First review of our newest album WIDE with Francois Carrier, Michel Lambert, Marcin Bozek and Tomek Gadecki – Bad Alchemy Magazin from Germany, (translated) in English [BA 105 rbd] :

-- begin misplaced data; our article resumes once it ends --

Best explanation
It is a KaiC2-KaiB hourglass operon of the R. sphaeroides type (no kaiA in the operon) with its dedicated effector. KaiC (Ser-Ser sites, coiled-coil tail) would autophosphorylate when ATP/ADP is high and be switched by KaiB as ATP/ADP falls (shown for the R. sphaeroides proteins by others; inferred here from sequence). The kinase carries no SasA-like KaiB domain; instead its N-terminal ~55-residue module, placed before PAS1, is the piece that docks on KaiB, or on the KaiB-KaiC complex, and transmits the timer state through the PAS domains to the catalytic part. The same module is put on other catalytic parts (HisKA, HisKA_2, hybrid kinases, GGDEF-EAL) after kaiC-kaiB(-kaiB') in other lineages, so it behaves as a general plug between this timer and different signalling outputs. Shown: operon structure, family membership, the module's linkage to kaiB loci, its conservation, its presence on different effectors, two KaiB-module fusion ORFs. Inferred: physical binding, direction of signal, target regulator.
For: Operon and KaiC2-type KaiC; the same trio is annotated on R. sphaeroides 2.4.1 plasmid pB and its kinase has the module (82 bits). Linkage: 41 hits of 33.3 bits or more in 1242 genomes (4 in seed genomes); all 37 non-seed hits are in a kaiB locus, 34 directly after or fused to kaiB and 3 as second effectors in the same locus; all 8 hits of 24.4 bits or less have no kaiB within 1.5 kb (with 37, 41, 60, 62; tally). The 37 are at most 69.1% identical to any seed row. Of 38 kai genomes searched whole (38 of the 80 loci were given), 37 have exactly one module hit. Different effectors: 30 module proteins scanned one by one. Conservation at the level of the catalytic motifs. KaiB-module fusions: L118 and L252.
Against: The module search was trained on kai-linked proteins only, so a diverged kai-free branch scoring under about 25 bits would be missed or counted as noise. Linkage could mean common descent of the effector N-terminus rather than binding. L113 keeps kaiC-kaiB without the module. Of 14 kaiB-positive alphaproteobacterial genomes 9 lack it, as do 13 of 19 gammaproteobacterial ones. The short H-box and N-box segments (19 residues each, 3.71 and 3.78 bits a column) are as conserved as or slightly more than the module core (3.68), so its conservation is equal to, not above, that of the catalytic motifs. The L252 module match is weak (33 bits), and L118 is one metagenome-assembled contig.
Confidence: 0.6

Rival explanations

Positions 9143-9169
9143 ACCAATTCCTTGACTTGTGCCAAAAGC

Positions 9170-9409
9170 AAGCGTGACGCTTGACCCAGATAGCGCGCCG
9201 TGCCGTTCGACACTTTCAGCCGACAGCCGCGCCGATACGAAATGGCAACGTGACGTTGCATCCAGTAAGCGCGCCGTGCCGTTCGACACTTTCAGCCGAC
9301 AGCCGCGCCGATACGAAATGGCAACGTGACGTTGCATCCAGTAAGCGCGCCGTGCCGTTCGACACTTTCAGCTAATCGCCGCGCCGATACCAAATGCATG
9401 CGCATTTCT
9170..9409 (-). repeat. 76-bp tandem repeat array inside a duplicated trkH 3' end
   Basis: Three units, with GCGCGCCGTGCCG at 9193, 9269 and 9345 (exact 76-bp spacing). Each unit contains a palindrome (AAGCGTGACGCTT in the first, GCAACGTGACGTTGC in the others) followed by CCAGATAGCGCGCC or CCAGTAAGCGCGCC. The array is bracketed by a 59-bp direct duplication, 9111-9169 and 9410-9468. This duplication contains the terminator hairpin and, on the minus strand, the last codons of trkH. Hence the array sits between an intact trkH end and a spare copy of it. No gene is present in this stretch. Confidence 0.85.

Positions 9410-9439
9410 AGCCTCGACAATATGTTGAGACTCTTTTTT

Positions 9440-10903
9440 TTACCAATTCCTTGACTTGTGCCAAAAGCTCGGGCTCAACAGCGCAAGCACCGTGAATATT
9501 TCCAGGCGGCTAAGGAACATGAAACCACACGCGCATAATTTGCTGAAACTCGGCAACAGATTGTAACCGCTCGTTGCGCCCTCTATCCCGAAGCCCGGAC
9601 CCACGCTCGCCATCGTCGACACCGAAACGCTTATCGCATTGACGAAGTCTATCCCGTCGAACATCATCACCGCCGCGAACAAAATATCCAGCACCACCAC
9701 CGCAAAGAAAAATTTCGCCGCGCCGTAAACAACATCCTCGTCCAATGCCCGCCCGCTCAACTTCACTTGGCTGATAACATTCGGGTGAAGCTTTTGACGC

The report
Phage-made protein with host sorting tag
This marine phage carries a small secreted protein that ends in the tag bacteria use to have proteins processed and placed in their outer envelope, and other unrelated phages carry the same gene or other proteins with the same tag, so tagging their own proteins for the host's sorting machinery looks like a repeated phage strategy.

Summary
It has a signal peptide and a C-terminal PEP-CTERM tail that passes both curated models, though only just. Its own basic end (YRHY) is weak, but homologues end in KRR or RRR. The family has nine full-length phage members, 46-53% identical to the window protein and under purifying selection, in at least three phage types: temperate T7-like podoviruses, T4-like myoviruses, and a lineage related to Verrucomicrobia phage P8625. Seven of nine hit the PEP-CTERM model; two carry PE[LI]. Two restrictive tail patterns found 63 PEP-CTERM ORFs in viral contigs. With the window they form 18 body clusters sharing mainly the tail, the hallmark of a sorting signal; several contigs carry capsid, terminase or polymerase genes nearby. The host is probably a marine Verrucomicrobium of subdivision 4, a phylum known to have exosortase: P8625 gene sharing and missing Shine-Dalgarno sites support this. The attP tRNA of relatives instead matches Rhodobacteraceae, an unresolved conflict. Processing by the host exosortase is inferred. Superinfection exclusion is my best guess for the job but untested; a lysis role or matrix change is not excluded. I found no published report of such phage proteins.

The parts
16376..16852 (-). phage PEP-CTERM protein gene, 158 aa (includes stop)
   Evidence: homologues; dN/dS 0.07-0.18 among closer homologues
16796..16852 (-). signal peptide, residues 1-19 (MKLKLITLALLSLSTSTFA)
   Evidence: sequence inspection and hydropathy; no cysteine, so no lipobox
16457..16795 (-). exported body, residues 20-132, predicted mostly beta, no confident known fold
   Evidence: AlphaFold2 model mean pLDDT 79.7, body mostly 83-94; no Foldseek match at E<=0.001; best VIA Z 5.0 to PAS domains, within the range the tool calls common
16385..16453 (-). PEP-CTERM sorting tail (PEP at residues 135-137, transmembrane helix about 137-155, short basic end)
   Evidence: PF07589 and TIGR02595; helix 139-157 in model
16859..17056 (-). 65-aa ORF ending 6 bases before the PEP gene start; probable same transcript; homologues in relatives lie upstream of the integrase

The fact that FMR is now pursuing a CD-on-demand policy has remained very consistent: Paul Dunmall, Glasgow Improvisers Orchestra, Szilárd Mezei, Adrian Northover, Philipp Wachsmann … but also open to the Fresh Dust Trio and ” Honey, did you break all my jazz cassettes? ” from the bootleg unit, both with self-ironically fresh wind by the electro-percussive Slovenian Jaka ‘Brgs’ Berger. Wide (FMRCD556) belongs to the track of the consistent, with the Canadian Altosax + Drums team FRANÇOIS CARRIER & MICHEL LAMBERT. But their good contacts to the East – Russian to Alexey Lapin, Polish to Rafal Mazur – are now bringing new faces into play, live in Byrgoszcz in 2018: bass guitarist MARCIN BOŻEK & TOMASZ GADECKI on tenor sax, who in turn have been free jazzing together in Gdynia as Olbrzym i Kurdupel since 2007 , while Gadecki cuddles and roars to the rock songs by Joanna Kucharska in Lonker See. But it is Bożek who roars and beats here before kicking off before plunging into the saxistically opened wide field of ‘Wide’ (11:07 p.m.), with a slope on which Lambert walks like a rocking stone. Carrier and Gadecki take off after eight minutes, one as a bubbler, the other torn off and snotty ostinat. Until they trill together and the horn intervenes again for a plaintive cooperation, where they tickle each other again to smileys, chewy and again rapidly overflowing, crossover or red-hot, suddenly hot and as sausages [Kurdupel], which inflate to rocket worms [Wężoidy] , Superseded by ‘Radiancy’ (9:44) as Adagio, in which, however, it blurs bożekistically so much that the elegiac tends to overthrow. ‘Leeway’ (31:42) can then not be translated better than with leeway, which the four exploit as imaginatively as spiritedly, cackling with excitement, inciting each other, almost ayleresque, but again firing staccato from both pipes, bass and Bass drum with rumbling thrust and metallic flashes above it. Lambert triggers a drunk chunk and Moschen, the Saxers fire over-the-top, Coltrane meets Pharoah. By the time she has the earth back, they almost seem to be on their knees piously, with Bożek only as a cacophonic grinding track. But even in this spiritual de-profundis, this bluesy feeling, so much vitality twitches and simmers that, contagious to one another, they ultimately rock up again, but not to end triumphantly, but tenderly and sublimely. [BA 105 rbd]